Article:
Featured Research

from universities, journals, and other organizations

High Hormone Levels In Seabird Chicks Prepare Them To Kill Their Siblings

Date:
June 23, 2008
Source:
Wake Forest University
Summary:
The Nazca booby, a Galápagos Island seabird, emerges from its shell ready to kill its brother or sister. Biologists have linked the murderous behavior to high levels of testosterone and other male hormones found in the hatchlings.

Nazca booby chick.
Credit: Image courtesy of Wake Forest University

The Nazca booby, a Galápagos Island seabird, emerges from its shell ready to kill its brother or sister. Wake Forest University biologists and their colleagues have linked the murderous behavior to high levels of testosterone and other male hormones found in the hatchlings.

The elevated levels of male hormones, called androgens, increase aggression in both male and female chicks and prepare the birds to fight to the death as soon as they hatch, said David J. Anderson, professor of biology at Wake Forest and project leader.

Much of the field work was completed by Martina Müller, while she was a graduate student at Wake Forest.

"The older of two Nazca booby hatchlings unconditionally attacks and ejects the younger from the nest within days of hatching," Anderson said. Because Nazca boobies have difficulty raising more than one chick, it is important for the older chick to vanquish the younger one in order to increase its own chances of survival.

According to the study, the high hormone levels also cause the surviving chicks to behave like bullies after they grow up. They frequently seek out nestlings in their colony, and during those visits they often bite and push around the defenseless youngsters.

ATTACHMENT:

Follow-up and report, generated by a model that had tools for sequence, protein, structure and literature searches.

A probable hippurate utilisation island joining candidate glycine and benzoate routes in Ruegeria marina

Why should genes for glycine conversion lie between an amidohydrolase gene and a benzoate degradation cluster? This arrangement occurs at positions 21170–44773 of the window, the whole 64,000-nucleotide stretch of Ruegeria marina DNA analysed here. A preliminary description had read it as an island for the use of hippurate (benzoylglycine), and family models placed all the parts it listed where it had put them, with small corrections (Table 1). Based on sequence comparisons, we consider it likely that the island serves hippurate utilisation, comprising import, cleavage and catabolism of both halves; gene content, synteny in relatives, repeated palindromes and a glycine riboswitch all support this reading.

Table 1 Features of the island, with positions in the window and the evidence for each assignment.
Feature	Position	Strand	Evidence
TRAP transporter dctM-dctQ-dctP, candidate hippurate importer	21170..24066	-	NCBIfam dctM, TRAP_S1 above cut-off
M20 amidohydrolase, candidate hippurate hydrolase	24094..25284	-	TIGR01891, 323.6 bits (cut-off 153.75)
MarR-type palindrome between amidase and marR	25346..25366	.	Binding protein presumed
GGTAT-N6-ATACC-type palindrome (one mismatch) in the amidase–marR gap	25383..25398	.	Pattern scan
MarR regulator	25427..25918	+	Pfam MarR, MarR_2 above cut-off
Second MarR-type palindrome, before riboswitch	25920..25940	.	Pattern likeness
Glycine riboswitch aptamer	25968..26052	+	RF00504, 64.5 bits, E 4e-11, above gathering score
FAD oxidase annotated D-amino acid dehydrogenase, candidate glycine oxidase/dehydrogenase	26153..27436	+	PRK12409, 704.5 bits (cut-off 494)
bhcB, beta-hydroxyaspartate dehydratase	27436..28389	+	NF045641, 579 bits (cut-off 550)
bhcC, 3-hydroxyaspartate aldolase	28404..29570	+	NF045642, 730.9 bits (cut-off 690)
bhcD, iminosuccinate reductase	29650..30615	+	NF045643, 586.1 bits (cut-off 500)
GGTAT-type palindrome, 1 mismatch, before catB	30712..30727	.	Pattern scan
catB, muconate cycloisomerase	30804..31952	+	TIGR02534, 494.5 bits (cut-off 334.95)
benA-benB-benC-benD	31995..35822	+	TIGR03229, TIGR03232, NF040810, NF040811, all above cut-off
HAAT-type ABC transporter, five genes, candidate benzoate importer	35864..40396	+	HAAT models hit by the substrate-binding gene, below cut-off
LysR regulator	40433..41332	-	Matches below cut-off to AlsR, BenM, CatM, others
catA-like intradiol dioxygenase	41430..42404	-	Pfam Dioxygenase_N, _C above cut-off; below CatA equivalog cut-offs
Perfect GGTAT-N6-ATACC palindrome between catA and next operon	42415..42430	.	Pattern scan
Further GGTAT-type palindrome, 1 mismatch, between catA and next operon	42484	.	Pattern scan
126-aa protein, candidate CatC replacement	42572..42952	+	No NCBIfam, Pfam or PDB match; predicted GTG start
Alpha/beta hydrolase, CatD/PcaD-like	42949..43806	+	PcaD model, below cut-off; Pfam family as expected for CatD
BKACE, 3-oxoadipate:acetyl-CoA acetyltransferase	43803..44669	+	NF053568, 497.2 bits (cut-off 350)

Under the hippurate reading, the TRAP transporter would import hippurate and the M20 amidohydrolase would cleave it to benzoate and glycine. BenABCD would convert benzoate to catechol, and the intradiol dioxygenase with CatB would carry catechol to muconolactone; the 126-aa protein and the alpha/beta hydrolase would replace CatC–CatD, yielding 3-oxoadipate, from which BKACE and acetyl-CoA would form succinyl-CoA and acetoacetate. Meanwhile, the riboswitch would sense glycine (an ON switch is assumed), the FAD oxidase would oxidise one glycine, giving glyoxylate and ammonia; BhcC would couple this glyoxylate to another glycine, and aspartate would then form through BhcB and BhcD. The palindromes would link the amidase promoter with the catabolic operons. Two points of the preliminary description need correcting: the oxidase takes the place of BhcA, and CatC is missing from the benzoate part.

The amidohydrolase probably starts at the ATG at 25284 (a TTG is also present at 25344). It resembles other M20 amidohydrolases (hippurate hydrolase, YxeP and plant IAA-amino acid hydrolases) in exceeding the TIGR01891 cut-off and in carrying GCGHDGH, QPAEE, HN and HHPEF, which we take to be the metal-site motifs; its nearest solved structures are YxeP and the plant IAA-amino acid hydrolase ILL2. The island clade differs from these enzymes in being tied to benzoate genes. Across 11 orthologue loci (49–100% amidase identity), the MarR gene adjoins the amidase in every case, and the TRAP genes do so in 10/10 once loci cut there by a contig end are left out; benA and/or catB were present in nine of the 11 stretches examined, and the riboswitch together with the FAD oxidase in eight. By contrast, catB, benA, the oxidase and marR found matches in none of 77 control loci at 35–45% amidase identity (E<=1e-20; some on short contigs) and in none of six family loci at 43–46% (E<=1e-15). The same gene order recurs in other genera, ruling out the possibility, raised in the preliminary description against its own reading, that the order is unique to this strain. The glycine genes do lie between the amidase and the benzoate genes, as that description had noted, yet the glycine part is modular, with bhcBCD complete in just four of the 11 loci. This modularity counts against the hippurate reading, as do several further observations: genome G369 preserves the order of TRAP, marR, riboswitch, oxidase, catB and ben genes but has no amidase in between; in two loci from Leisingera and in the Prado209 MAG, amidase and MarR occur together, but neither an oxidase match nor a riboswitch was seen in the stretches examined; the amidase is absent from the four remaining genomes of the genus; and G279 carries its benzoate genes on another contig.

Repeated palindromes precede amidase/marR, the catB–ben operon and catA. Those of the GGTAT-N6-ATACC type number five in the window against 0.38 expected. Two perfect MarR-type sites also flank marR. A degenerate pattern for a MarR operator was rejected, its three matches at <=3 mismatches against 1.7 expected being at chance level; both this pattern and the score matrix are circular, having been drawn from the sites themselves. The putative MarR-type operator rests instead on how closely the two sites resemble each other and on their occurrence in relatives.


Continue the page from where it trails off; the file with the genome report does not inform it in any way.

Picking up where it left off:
Blood samples were taken from Nazca booby chicks within 24 hours of hatching. In 15 nests with two eggs, blood samples were taken from both hatchlings. Samples were also taken from 15 hatchlings in one-egg nests. Then, blood hormones were analyzed by researchers at the University of Maryland, who co-authored the study. For comparison, the researchers did the same for blue-footed boobies, a closely related species.

The researchers suspect that the Nazca booby hatchlings experience the high level of aggression-related hormone during a "sensitive period" in their growth, when long-term growth patterns are easily affected.

Some Nazca booby nestlings experience a one-two hormonal punch, raising their aggression hormones even higher when they actually have a nest mate. The nestlings that fight siblings become bigger bullies as adults than the Nazca booby nestlings who never fight.

"The hormones that are part of this epic battle early in life seem to permanently change some aspects of their social personality," Anderson said.

Nazca booby chicks have aggression-related hormone levels three times as high as their less aggressive cousins, the blue-footed boobies. Blue-footed boobies do not have the same lethal fights right after hatching and do not go on to bully their fellow birds as adults.

The research is part of a long-term study by Anderson that has included monitoring more than 16,000 Nazca booby nests at Punta Cevallos, Isla Espanola, in the Galápagos Islands since 1984.


Story Source:

The above story is based on materials provided by Wake Forest University. Note: Materials may be edited for content and length.


Journal Reference: